JF Fellowship scholarship gave me the encouragement and opportunity to go to Japan for carrying forward my ongoing research on the subject of ‘Hindu Deities Worshipped in Japan.’
An Indian documentary filmmaker, art historian and photographer known for his work in documenting the art heritage of India and Asia.
Mr. Behl was a recipient of JF Fellowship (short-term) in 2014. According to Mr. Behl, JF Fellowship provided him encouragement, opportunity as well as financial support to complete his research.
His topic of research was Research & Documentation of the Shared Deities and Artistic Representations of Japan and India. According to Mr. Behl, “The scholarship was extremely helpful and valuable to me for this project. It also led to the Japan Foundation, Delhi sponsoring my photographic exhibition on the subject of ‘Hindu Deities Worshipped in Japan’. Besides Japan Foundation, leading museums in Delhi, Kolkata, Hyderabad and Bengaluru also held this photographic exhibition with enthusiasm.”
On being asked how JF Fellowship helped him carve his way to today, He said that the fellowship not only helped him with his research but also resulted in the publication of his large-format book ‘Hindu Deities Worshipped in Japan’. The Ministry of External Affairs, Government of India then sponsored his film ‘Indian Deities Worshipped in Japan’.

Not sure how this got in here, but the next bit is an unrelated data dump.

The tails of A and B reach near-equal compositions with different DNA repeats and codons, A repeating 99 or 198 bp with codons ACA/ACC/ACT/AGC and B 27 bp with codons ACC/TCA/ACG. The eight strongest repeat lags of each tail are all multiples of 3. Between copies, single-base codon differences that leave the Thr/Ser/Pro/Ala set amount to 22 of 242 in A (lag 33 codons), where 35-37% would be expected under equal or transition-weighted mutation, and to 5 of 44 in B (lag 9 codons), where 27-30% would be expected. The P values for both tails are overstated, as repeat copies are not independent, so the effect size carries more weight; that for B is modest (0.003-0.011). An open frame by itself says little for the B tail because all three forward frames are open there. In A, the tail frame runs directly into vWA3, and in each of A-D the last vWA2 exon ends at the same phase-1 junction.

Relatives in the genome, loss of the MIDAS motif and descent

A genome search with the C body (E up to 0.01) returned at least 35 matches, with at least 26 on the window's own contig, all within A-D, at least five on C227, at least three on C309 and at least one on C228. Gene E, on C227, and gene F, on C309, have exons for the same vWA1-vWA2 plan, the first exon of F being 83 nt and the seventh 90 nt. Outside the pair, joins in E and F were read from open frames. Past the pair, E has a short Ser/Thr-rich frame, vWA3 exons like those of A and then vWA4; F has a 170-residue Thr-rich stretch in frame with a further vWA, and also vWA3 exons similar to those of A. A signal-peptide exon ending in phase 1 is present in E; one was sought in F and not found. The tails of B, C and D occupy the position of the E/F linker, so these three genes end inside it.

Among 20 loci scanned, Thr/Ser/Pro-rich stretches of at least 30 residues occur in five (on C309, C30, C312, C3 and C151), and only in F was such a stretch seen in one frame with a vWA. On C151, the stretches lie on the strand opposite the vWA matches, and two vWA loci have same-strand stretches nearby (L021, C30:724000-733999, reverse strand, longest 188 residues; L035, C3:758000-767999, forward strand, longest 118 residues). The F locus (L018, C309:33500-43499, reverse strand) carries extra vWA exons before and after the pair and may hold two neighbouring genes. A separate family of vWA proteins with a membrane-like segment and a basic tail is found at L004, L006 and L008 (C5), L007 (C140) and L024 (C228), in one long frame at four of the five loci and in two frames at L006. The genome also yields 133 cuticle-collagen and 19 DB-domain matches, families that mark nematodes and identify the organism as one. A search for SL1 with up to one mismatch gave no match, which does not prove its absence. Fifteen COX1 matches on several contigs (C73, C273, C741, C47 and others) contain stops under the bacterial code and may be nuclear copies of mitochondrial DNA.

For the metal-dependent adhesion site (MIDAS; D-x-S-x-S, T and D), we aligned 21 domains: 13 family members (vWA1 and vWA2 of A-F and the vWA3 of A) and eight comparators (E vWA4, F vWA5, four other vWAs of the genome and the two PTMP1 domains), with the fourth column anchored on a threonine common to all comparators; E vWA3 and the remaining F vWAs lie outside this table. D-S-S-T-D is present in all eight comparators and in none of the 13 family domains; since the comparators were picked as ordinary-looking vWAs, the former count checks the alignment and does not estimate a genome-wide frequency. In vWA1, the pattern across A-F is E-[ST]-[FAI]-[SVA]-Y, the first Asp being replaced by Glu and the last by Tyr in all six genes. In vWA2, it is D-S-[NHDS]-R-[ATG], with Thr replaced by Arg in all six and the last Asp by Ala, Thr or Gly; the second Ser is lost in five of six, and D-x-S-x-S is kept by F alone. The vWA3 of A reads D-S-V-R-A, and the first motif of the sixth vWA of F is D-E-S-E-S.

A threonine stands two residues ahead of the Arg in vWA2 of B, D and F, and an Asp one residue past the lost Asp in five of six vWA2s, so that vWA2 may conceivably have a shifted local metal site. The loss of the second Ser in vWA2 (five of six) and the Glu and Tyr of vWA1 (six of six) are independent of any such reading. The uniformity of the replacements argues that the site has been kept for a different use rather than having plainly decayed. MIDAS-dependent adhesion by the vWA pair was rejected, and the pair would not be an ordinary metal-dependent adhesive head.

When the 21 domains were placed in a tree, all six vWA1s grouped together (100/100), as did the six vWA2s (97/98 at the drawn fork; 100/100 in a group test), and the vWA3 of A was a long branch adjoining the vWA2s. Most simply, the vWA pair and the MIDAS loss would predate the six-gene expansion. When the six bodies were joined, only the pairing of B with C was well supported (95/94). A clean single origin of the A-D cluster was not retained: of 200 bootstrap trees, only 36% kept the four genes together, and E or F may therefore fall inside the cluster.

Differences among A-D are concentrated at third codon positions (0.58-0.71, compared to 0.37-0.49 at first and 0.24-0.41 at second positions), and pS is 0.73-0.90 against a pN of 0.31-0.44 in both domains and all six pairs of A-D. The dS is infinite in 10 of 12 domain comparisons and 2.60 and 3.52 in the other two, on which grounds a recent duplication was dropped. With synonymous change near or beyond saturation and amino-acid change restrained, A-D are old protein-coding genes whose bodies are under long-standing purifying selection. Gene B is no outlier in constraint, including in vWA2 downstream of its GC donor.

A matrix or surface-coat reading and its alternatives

This is one of the most popular documentary films on the Indian Diplomacy YouTube Channel (over 2,85,000 views).
It has been screened with his talk by the India International Centre, Delhi; India Habitat Centre, Delhi; San Diego Museum of Art, Gandhi Memorial Centre, Washington DC; International Centre for Theoretical Sciences, Tata Institute of Fundamental Research, Bengaluru; St. Stephen’s College, The Japanese Society, Delhi; Indian Museum, Kolkata and many other prestigious institutions. Mr. Behl says that this project has been a ‘feather in my cap as a culture historian and as a photographer’.
When asked about his memories from his stay in Japan, he says that everywhere he visited in Japan, whether it be Nara, Kyoto, Koyasan or the Tokyo region, his heart was always filled with happiness, owing to the courtesy, warmth and generosity of the Japanese people. Much like the belief, he confirms that Japanese people are the ‘kindest, most polite and most helpful people in the world’.
When asked if he has any suggestion for the future fellows, he said that whatever be the subject that a person studies in Japan, they must take benefit of the opportunity of being amidst the people of the generous and courteous culture of Japan. There is much that can be learnt about caring and helpful behaviour from the Japanese people.